The Cartwright wasn’t the only public land grazing allotment in Arizona where HPC grants helped to facilitate increased livestock grazing, or maintain existing livestock numbers, during the ongoing megadrought. There are numerous other examples on public land ranches throughout the state. On the arid and rugged Tonto National Forest, for example, there are several ranches that received four or more HPC grants in the last several years. They are shown in the tables below. The associated increases in authorized cattle numbers can be found by reviewing the AOIs for each grazing allotment.
Government Assistance Program Key
The EQIP program absorbed the NRCS Wildlife Habitat Incentives Program (WHIP) after 2014.
Note: Open Space Reserve Grants became LCCGP Grants after 2002.
Note: These grants were previously called Section 319 nonpoint source (NPS) water pollution prevention grants.
|2010||CREIP||$21,767||Solar Water Pumps (Program no longer exists.)|
|2011||LCCGP #11-74||$83,596||Livestock Water and Fencing|
|2015||HPC #14-603||$11,526||Water Pipeline|
|2015||HPC #14-604||$12,000||7 New Dirt Tanks|
|2016||HPC #15-617||$9,000||3 New Roadside Dirt Tanks|
|2017||HPC #16-606||$11,360||Water Storage Materials|
|2018 - 2021||LFP||$47,123|
|2021||HPC #20-602||$15,000||Colcord Dirt Tanks|
|2002||OSR #9*||$76,500||Awarded to John Stephen "Steve" Cline|
|2002||OSR #10*||$13,500||Awarded to John Stephen "Steve" Cline|
|2017||HPC #16-609||$12,000||Dirt Tanks Cleaning & Sealing|
|2017||HPC #16-610||$16,000||Dirt Tanks Cleaning & Sealing|
|2017||HPC #16-611||$9,580||Water Pipeline & Troughs|
|2018||HPC #17-609||$12,000||Livestock Water Storage|
|$201,180||TOTAL 1996 - 2018|
|2005||LCCGP #05-17*||$125,000||Livestock Water & Fencing|
|2007||LCCGP #07-09*||$100,000||Livestock Water & Fencing|
|2009||LCCGP #09-17*||$75,000||H-4 Ranch and Brunson Field Farming Projects|
|2016||#HPC #15-603||$10,000||Kill Juniper Trees on 100 Acres|
|2016||#HPC #15-604||$25,000||Construct 7 New Dirt Tanks|
|2016||#HPC #15-605||$20,000||Repair 8 Existing Dirt Tanks|
|2016||HPC #15-608||$20,000||Solar Powered Water Well|
|2018||HPC #17-613||$7,600||Goldtooth Smiths Spring Development|
|2021||HPC #20-605||$110,000||Rebuild Livestock Waters Burned in the 2020 Bush Fire|
|$1,008,269||TOTAL 2002 - 2021|
* This assistance was received by the previous owner James R. Brown, who died in 2016. William Brown is his son.
|2016||HPC #15-613||$7,900||Dirt Tank Cleanout & Sealing|
|2016||HPC #15-614||$7,000||Solar Water Well System|
|2017||HPC #16-615||$13,128||Water Pipeline & Troughs|
|2017||HPC #16-614||$6,902||Water Catchment & Trough|
|2017||HPC #16-616||$6,166||Water Pipeline & Troughs|
|2017||HPC #16-612||$4,000||Dirt Tank Cleanout|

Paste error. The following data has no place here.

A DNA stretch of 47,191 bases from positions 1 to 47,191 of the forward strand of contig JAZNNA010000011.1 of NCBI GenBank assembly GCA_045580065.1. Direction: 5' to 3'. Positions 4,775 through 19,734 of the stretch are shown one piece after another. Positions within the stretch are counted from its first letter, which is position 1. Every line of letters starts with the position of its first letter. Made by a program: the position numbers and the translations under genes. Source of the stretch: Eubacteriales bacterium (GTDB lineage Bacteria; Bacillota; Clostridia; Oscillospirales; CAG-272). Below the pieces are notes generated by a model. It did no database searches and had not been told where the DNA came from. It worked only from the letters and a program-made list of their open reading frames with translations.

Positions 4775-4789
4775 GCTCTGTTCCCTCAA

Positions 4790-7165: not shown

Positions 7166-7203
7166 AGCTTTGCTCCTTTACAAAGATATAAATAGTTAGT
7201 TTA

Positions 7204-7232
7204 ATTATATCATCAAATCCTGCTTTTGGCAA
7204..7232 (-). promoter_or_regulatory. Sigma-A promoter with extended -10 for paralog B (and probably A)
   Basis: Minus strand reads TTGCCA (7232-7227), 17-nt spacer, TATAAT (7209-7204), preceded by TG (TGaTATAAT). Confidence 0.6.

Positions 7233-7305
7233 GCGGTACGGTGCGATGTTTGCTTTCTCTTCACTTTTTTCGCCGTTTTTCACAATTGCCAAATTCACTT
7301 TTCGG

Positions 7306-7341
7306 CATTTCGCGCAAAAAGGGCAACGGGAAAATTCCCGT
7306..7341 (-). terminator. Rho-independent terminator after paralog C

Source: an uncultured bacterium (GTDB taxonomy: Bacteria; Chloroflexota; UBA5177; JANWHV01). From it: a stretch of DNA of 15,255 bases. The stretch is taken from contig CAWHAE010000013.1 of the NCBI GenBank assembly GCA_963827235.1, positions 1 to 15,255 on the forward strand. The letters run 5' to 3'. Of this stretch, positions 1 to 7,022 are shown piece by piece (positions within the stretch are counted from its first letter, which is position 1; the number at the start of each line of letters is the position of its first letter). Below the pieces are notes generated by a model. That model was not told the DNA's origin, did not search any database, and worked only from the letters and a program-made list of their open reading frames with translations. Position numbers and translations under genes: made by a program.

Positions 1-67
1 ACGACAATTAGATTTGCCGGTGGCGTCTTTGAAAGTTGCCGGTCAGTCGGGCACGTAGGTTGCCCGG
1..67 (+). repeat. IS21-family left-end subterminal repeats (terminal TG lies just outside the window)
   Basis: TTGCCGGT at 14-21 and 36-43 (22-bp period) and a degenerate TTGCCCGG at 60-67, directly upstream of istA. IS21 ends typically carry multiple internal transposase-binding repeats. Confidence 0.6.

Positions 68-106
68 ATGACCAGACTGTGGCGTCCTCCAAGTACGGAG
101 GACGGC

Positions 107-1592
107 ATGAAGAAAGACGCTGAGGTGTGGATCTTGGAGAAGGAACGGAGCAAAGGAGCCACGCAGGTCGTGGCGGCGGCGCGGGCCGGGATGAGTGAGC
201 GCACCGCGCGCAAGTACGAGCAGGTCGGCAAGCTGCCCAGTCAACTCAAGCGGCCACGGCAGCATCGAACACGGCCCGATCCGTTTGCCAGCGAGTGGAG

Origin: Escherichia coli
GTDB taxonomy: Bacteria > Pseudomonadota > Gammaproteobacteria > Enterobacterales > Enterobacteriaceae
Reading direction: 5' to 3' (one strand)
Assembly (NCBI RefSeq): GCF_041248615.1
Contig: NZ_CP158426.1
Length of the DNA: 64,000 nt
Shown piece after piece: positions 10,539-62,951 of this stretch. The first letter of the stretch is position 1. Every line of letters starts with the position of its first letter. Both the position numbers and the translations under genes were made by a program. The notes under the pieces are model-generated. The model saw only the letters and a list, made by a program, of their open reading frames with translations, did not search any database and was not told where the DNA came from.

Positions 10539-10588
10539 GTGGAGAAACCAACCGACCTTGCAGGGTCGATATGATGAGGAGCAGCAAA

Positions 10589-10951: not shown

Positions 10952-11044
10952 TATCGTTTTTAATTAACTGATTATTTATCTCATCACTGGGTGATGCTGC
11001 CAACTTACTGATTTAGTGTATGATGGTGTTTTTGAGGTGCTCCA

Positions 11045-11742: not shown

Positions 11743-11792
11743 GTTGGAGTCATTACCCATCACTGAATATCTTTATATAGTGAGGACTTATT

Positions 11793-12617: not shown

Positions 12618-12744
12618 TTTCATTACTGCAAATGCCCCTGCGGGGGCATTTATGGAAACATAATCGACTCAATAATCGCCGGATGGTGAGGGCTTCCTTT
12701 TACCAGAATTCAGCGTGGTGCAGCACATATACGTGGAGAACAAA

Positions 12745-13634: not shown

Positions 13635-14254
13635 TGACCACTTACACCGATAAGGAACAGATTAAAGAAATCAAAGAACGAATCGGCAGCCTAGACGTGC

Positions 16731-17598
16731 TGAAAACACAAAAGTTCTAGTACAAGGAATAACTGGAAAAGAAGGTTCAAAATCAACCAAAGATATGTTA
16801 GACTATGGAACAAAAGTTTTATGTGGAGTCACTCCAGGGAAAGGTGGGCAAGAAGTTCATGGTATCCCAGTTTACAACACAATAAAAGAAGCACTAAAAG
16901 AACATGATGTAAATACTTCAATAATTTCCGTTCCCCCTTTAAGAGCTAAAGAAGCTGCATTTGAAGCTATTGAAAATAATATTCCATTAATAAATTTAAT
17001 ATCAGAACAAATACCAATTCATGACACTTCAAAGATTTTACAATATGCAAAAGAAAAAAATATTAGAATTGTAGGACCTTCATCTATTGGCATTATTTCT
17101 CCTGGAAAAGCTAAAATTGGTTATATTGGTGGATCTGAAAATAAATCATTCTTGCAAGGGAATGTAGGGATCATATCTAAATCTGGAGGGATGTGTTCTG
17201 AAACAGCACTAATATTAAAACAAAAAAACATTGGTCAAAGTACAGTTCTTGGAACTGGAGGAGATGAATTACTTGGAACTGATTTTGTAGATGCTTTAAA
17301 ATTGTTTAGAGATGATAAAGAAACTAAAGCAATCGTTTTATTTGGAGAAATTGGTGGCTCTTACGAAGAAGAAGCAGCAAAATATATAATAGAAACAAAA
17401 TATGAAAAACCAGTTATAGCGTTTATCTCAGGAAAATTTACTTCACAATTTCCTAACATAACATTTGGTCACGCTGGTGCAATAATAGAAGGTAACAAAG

Commissioner Bill Brake
Brake’s membership on the Arizona Game & Fish Commission, especially his involvement with HPC grants, obviously raises some conflict of interest questions because he is a co-permittee on at least one BLM and four Forest Service grazing allotments. The BLM allotment is the Rose Tree allotment (#6043), part of the Rose Tree Ranch, which also holds Arizona state grazing lease #05-000138, through the Rose Tree Cattle Co., LLLP.
As for the Forest Service allotments, he is a co-permittee through the J Bar B Cattle Co., LLP, for the Campaign and Poison Springs allotments on the Tonto National Forest, and the Wildcat allotment on the Apache-Sitgreaves National Forest. The three allotments are managed together as the Rafter Cross Ranch.
He’s also a co-permittee through the Rockin Four Ranch, LLC, for the Hicks-Pikes Peak allotment on the Tonto, because the J Bar B Cattle Co., LLP, is one of the Rockin Four’s owners. The ranch’s other current partners hold grazing permits for other public land grazing allotments.
Before Brake was appointed to the Commission on January 24, 2018, he benefited from at least three HPC grants for the Rose Tree Ranch. HPC grants #09-501, #13-511, and #17-501 were all for livestock water developments, and totaled $34,209, although the project proposals said there had been several previous HPC grants for the ranch.
The state HPC has held two funding meetings since Brake was appointed – one in January 2019 to recommend the approval of HPC grants from the money raised in 2018, and the January 2020 meeting that recommended grants from money raised in 2019. The lists of HPC projects approved using the 2018 and 2019 funds do not appear to include any grants for projects located on any of the public land grazing allotments for which he is a co-permittee. But it’s difficult to tell because of the limited and cryptic information the Department provides about approved HPC projects.
Commissioner Brake is also familiar with the other government assistance programs that benefit Arizona ranchers, as shown in the tables below for the ranches he co-owns. That includes at least a couple of awards from the Arizona Game & Fish Department’s Heritage Fund. In 2003 he received compensation of an undisclosed amount from the fund’s public access monies for the Rose Tree Ranch to allow people to travel across the ranch’s private land to access adjacent public land. And in 2006 the fund disbursed $10,000 from its habitat improvement monies to help build a fence on the Rafter Cross Ranch to protect Campaign Creek from cattle.
|2007||LCCGP #07-76||$83,575||Grassland Restoration, Livestock Water|
|2010||HPC #09-501||$22,556||Chappo Betty Livestock Water Development|
|2014||HPC #13-511||$4,846||Abner Water Well Redevelopment|
|2014||HPC #13-519*||$10,000||Kill Coyotes for Pronghorn Fawn Protection|
|2015||HPC #14-520*||$10,000||Kill Coyotes for Pronghorn Fawn Protection|
|2016||LCCGP #16-14||$39,094||Livestock Water|
|2018||HPC #17-501||$6,807||Replace Schock Windmill With Solar Water Pump|